In these dark times, where much of humankind is treated by human institutions as roadkill in the names of productivity and progress, there is solace in remembering that the humane Socratic ethics is encoded in philosophy’s own tongue. There is solace and encouragement in knowing that these teachings, which are as necessary to human moral progress as water, fire, earth and air is to life, are a recoverable resource. And there is more than solace in remembering that philosophy’s voice does not change. A new confidence issues from opening one’s ears to the Socratic echo’s constant beat repeating wisdom’s selfsame message. Conscience atrophies and ethics goes astray when ripped from metaphysics. The hecatombs of human sacrifice devoured by the molochs of this century tell the sorry tale of what follows in the wake of such a severance. Philosophers who live today may do well to remember and act on this insight bought at exorbitant price. After all, it was philosophers, who, wittingly and unwittingly, wrote much of the script for the catastrophes. Thus it may be worthwhile to recall that catastrophe not only means disaster but also a fresh turn. Today, the ancient discipline of philosophy, in order to recover integrity and strength, may sincerely come to wish to purify its conscience and repent of its institutionalized akrasia.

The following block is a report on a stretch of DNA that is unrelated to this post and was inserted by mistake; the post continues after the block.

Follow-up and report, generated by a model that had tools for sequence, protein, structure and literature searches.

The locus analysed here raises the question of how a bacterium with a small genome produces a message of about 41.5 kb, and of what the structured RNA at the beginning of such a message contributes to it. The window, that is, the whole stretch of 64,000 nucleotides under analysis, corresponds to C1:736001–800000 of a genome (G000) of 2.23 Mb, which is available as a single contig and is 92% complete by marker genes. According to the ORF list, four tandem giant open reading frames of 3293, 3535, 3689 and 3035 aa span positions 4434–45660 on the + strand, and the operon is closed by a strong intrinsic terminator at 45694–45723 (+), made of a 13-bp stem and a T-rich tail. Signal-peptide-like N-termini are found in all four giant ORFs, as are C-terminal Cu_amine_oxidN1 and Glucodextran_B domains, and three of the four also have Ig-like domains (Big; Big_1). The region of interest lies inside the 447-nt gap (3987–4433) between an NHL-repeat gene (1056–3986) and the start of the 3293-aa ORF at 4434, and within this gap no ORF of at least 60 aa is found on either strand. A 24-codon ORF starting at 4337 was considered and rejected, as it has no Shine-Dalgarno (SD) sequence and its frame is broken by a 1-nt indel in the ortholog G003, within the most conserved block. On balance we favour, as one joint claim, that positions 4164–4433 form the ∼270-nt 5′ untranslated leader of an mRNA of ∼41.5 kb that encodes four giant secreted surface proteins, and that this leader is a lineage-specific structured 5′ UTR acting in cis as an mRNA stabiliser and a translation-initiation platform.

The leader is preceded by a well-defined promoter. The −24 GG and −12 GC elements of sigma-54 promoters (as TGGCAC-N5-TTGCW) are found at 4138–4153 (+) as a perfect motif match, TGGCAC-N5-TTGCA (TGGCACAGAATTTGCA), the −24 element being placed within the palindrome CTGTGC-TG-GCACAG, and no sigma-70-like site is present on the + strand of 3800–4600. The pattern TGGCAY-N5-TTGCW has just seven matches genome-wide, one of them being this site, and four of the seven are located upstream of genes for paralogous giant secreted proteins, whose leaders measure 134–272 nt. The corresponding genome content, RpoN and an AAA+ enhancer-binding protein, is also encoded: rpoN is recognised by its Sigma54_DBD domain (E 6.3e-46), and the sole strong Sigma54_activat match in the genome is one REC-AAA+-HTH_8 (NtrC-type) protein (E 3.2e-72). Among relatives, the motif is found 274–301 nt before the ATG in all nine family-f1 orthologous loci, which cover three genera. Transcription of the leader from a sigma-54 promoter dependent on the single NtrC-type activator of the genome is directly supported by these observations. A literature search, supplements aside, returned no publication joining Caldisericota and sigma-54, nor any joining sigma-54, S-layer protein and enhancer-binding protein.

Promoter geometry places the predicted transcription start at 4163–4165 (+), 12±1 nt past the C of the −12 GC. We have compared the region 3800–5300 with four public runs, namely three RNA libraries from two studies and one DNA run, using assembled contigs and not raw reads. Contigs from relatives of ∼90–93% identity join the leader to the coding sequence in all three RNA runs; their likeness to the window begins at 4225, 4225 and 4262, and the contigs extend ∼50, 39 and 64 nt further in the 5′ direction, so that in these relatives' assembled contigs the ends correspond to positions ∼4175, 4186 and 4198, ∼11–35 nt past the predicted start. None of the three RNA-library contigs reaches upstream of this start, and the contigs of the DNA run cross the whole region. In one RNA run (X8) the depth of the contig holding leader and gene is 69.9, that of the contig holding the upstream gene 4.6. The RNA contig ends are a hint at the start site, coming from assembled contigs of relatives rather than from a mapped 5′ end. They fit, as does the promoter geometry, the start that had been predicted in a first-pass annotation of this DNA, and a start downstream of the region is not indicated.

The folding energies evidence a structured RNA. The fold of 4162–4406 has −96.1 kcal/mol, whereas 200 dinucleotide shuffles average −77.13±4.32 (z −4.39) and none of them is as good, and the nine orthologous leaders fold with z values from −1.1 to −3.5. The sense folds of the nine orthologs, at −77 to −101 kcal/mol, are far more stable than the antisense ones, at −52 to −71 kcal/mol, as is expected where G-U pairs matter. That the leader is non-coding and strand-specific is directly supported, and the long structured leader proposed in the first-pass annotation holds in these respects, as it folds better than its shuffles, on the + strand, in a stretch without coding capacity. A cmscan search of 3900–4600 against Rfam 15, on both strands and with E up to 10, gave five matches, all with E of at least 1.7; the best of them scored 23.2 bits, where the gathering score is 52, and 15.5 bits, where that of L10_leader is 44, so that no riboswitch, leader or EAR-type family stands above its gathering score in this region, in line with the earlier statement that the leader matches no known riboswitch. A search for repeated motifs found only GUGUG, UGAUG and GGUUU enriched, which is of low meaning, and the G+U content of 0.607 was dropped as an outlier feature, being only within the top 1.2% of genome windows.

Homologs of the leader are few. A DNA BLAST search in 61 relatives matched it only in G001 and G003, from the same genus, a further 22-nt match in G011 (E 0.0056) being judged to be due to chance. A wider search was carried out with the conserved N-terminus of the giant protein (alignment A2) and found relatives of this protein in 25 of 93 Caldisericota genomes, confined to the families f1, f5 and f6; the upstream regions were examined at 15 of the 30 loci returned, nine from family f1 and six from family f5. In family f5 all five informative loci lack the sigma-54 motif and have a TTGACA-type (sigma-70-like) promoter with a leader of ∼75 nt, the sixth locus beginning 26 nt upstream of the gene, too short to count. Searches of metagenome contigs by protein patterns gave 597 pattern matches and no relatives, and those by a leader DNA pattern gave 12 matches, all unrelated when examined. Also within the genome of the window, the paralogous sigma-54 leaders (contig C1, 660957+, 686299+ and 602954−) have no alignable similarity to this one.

The Third Illustration

When the medieval order of things collapsed amidst moral abominations and the revulsions against them, a new reformed conscience was born. This turn of events, even from the perspective of the five hundred years that have elapsed since then, still strikes the observer at least as surprising as the birth of Athena from the aching head of her father Zeus: An event mythographers recorded to legitimate an earlier changing of the guard. Cronus, during the preceding generational turn, had gained power by cunning and violent exertion. When in the midst of parricide he cut off his father Uranos’ testicles, he flung the bloody parts into the sea. There they impregnated the roiling waters and from the foamy waves arose, quite unexpectedly, love’s goddess, anarchic Aphrodite. The Birth of Venus, set against the horror of Uranos’ murder and castration, — a kind of mythic dialectic, — has been presented to the modern age at its inception by Botticelli (d. 1510). This well known depiction of the love goddess’ emergence from the waves serves also as reminder, a pictorial pointer, to the emergence of the soul’s knowledge in Plato’s Socratism and as a prefiguration, a cosmic parallel, to the birth of Christ. These complex metaphors, in what may seem to jaded eyes as their naivete, go a fair stretch explicating the laws that rule in the succession of the world’s ages.